There are some theories that if there were to be a fifth dimension, it would be time. Time as a physical entity, or something that can be manipulated, is something that humans won't ever really be able to grasp, and thinking about it at great lengths just makes our brains go in circles.

Faulkner, however, enjoys moving fluidly through time in his writing and chooses to personify time or treat it as something that can be manipulated. It's as if time has a force of its own and can be acted upon.

Not only is this idea apparent through the way Faulkner changes time periods during the novel, utilizing flashbacks and backtracking from the perspective of different characters to return to the present point in time, but he writes at the beginning of chapter 6, "Memory believes before knowing remembers. Believes longer than recollects, longer than knowing even wonders," (Faulkner 119). Admittedly, I had to reread these sentences about ten times before I had any idea what their function was. He refers to memory as a subject, representing the subconscious knowledge of the past, and claims that it has an understanding of past events before the conscious mind's awareness of past events, knowing, can remember. He then uses believes as a verb and a noun, explaining how the mind has subconscious ideas constructed by the past that exist prior to actual recollection of events and even prior to the conscious mind trying to remember the past and analyze it.

Overall, Faulkner may be suggesting that humans can be, in fact, fifth dimensional beings who utilize time as its own entity; however, he explains how even though we may be able to conceptualize how time affects us, and can read a novel written from various time standpoints, it is really our subconscious mind that encodes the past and our consciousness is not developed enough to instantaneously process past events.

Whether five dimensions or not, Faulkner's use of time in his novel is compelling and philosophical in a way we only see in sci-fi novels now. So kudos to him.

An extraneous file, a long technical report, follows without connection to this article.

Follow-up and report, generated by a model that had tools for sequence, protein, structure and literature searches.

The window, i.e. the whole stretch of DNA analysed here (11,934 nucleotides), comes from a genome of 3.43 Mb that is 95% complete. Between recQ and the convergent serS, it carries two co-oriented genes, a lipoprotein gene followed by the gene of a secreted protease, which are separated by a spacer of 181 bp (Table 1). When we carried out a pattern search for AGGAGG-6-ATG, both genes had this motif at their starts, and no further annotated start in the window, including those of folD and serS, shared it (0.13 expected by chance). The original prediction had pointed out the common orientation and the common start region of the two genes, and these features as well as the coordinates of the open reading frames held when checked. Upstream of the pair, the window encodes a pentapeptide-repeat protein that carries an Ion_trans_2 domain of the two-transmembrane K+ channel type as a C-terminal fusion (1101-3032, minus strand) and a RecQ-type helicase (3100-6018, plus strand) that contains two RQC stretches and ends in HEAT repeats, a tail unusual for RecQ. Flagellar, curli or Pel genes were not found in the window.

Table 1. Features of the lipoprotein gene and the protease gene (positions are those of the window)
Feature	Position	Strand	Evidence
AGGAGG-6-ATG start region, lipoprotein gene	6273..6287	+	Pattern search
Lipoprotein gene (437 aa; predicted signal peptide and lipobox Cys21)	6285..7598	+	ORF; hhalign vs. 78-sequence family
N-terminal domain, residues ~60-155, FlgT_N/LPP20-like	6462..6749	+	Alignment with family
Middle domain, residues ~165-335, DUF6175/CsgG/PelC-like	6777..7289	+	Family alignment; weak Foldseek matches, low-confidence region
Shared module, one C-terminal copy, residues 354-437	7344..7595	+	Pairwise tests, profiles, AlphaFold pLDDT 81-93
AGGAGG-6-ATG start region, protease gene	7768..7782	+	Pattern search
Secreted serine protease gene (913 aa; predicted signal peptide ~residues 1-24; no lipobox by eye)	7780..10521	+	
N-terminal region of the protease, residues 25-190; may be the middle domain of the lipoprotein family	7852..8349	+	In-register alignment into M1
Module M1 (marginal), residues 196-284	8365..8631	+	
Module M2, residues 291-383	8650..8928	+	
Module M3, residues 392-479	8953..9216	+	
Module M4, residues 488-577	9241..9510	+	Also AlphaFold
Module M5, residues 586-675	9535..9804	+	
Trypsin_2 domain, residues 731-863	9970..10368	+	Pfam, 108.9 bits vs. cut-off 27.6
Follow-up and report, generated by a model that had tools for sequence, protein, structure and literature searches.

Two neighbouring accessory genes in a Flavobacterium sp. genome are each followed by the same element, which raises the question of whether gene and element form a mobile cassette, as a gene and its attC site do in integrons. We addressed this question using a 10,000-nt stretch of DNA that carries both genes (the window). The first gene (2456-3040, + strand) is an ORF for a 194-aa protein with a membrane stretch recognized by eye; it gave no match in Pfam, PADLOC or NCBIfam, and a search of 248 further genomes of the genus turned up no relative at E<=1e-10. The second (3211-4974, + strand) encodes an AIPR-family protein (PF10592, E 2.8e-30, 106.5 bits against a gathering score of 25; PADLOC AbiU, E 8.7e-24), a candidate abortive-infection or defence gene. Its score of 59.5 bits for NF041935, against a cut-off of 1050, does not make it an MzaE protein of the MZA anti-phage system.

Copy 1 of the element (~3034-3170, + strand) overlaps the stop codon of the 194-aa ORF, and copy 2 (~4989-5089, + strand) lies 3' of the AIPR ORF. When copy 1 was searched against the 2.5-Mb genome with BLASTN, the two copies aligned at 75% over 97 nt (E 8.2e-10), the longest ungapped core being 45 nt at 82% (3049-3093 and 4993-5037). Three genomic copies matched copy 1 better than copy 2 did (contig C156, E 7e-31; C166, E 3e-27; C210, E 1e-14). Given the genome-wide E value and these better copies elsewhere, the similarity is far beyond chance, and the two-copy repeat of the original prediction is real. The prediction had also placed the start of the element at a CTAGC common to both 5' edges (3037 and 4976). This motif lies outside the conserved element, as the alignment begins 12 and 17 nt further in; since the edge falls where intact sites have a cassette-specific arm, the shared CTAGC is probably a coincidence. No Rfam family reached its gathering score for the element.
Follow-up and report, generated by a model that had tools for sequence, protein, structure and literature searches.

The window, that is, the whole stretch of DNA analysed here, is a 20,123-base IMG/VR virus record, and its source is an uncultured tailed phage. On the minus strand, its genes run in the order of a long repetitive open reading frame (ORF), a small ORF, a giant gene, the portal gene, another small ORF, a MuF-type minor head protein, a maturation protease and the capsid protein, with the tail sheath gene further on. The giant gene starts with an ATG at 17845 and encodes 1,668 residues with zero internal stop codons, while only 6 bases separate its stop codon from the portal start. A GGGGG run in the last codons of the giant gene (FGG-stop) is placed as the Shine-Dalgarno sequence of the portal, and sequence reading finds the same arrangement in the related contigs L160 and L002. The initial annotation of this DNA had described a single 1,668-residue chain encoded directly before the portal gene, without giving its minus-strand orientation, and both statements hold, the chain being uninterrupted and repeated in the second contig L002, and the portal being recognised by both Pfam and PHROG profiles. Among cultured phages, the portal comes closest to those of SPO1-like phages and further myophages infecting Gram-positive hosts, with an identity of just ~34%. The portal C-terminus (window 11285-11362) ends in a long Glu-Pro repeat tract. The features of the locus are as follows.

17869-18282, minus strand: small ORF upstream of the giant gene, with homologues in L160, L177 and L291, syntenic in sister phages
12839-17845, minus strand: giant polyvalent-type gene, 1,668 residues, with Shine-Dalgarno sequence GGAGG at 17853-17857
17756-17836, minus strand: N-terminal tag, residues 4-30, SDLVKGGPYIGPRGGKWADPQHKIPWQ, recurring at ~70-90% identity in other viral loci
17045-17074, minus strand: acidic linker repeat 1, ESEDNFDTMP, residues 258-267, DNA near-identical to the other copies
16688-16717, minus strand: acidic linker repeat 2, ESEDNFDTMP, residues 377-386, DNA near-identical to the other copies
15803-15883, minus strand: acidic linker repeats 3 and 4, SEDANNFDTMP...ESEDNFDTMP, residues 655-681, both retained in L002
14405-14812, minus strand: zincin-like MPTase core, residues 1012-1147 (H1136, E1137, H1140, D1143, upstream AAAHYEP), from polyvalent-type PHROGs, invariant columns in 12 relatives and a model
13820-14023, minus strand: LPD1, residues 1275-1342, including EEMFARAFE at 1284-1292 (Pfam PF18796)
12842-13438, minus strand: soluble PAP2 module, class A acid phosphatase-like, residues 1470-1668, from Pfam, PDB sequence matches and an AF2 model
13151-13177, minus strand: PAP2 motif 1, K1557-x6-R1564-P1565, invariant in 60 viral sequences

Tuesday, November 25, 2014

How to be a Bigot

One can find a very detailed tutorial on how to stereotype, hate, and label inside William Faulkner's Light in August. 

There are a many ways in which the town of Jefferson demonstrates these skills. They boil down to the imposition of a simplified narrative over a complex reality. 

This structure holds true for the townspeople and Hightower, for Mrs. Armstid and Lena, for the townspeople, the dietician, Bobbie and Joe, and ultimately... for whites and negros.

I see two main reasons people cast narratives: to understand, and to compare.

We cast narratives over complex ideas or objects or plaster them with labels to simplify them:

  • "This math problem is a substitution problem"
  • "That car is a sedan"
  • "There are GMOs in that food"
… and this is okay most of the time. Complex ideas, economic principles, variations of cars, brands of food need simplifying in everyday life for the sake of sanity and understanding. 

But when we start casting narratives over people, we take a step towards bigotry. People are all complex, and no one fits that story mold perfectly.
When you assume someone does, you take away from who they truly are.

Ultimately, you're rendering them into ideas-- objects.

  • "Mr. Smith is a bad teacher"
  • "She's a conservative"
  • "Billy is a smart-ass"
  • "She's a DB"
Here lies the seed of the problem: people want life to be easy and they want to feel good. 

To make life easy, people label other people so that they can understand.
To feel good, people label people negatively, so that they can feel like good people by comparison. 

Individually Isolated